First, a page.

Steffy: In suspending BP, EPA does what drilling regulators would not

When BP agreed to plead guilty to 12 felony counts related to the Deepwater Horizon disaster a few weeks ago, I made the point that the felonies mattered more than the fines. Today, the U.S. Environmental Protection Agency showed why.

It suspended BP from new contracts with the federal government, which could affect the company’s ability to get new leases in the Gulf of Mexico. As BP itself acknowledged in a regulatory filing at the time of the settlement, such a move also could affect extensions to existing agreements with the government.

It’s not clear what the financial impact will be, but the decision sends a strong message to BP — as well as other companies operating in the Gulf — about the importance of process safety. The EPA was designated as the lead federal agency in making the determination for the suspension. In making it’s decision, its done what federal regulators with the Bureau of Safety and Environmental Enforcement have steadfastly refused to do: hold operators economically accountable for their actions.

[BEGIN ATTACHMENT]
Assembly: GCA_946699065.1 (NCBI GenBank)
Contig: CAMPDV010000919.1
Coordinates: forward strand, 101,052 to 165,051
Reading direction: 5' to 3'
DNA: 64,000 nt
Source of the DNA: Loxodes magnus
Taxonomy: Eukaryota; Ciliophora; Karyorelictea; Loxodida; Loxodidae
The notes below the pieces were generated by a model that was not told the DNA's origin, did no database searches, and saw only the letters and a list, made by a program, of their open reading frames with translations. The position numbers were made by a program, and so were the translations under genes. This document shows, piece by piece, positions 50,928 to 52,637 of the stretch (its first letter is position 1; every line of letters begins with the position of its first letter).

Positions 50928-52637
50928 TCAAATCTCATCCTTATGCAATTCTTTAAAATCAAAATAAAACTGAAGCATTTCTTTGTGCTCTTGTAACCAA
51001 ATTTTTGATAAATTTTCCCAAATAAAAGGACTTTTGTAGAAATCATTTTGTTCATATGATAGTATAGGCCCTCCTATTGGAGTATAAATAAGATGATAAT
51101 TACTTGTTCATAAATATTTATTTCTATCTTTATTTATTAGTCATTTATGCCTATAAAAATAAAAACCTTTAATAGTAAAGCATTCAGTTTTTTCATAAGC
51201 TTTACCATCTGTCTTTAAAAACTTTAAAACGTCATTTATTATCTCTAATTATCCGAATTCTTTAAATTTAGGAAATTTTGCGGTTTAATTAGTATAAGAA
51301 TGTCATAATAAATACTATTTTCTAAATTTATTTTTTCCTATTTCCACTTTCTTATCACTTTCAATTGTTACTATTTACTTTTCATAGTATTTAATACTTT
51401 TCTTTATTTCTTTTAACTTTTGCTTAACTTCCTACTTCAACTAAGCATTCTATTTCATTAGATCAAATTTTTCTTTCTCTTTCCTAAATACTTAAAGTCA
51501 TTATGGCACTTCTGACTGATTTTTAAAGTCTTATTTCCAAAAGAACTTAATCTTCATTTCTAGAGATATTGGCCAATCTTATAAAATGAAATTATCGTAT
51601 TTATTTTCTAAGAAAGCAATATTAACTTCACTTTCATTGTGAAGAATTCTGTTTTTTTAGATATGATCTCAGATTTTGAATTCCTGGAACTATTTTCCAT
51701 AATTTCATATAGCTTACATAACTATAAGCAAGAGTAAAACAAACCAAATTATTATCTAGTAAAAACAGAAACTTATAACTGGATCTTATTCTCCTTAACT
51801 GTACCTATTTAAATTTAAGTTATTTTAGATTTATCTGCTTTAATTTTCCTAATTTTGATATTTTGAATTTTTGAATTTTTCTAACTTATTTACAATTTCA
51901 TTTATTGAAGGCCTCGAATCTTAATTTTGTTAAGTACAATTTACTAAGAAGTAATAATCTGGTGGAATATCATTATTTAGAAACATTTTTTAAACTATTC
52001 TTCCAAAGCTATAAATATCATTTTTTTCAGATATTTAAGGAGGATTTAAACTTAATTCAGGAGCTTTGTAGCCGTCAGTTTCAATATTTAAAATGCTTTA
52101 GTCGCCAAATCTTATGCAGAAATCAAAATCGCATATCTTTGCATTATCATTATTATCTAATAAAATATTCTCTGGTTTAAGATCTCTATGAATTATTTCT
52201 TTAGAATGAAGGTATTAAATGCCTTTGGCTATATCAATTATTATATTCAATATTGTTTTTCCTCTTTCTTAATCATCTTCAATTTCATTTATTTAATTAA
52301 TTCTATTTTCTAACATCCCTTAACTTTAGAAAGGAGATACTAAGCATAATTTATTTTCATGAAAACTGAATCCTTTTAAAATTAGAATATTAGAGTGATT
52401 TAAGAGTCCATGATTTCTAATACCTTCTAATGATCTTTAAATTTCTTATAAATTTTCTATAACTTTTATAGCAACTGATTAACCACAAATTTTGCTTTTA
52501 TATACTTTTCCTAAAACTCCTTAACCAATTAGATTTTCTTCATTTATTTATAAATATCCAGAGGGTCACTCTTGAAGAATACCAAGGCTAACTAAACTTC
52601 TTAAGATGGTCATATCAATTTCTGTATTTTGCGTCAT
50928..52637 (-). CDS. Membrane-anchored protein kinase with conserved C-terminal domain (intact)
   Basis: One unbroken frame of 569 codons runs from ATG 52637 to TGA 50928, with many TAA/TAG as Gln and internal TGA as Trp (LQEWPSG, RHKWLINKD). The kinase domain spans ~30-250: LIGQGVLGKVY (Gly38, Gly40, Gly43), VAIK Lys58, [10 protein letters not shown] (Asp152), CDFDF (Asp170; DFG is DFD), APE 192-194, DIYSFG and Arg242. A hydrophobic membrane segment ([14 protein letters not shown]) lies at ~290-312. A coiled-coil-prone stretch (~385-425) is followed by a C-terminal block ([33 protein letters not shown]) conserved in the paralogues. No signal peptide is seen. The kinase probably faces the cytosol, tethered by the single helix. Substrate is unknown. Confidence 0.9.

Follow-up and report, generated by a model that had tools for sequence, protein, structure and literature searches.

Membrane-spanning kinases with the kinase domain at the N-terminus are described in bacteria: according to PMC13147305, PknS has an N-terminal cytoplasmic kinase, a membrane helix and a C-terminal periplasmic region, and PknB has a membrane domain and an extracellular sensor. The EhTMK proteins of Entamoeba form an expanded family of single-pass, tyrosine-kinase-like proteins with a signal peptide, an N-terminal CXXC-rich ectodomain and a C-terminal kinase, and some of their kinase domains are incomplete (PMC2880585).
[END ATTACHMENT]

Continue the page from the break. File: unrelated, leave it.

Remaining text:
Coming on the heels of the bureau’s double-secret probation for Black Elk Energy, the disparity between the two responses is striking.

In announcing its decision, the EPA said took the action because of “BP’s lack of business integrity as demonstrated by the company’s conduct with regard to the Deepwater Horizon blowout, explosion, oil spill, and response.”

Actually, the EPA’s decision is routine in cases where companies plead guilty to criminal activity. Although BP entered a not-guilty plea in a New Orleans federal court on Tuesday, the company’s attorneys said it’s a procedural move and that BP still intends to honor the terms of its agreement with the government, which includes pleading guilty to 11 manslaughter counts related to the death of rig workers.

The loss of future business, though, puts some teeth in the settlement. The Gulf is one of BP’s most lucrative areas of operation, and a key part of restructuring plan. While it can continue its current operations there, it won’t be able to compete for new opportunities. The folks at BSEE should take note. Lost future business matters more companies than fines and or getting dinged for “incidents of non-compliance.”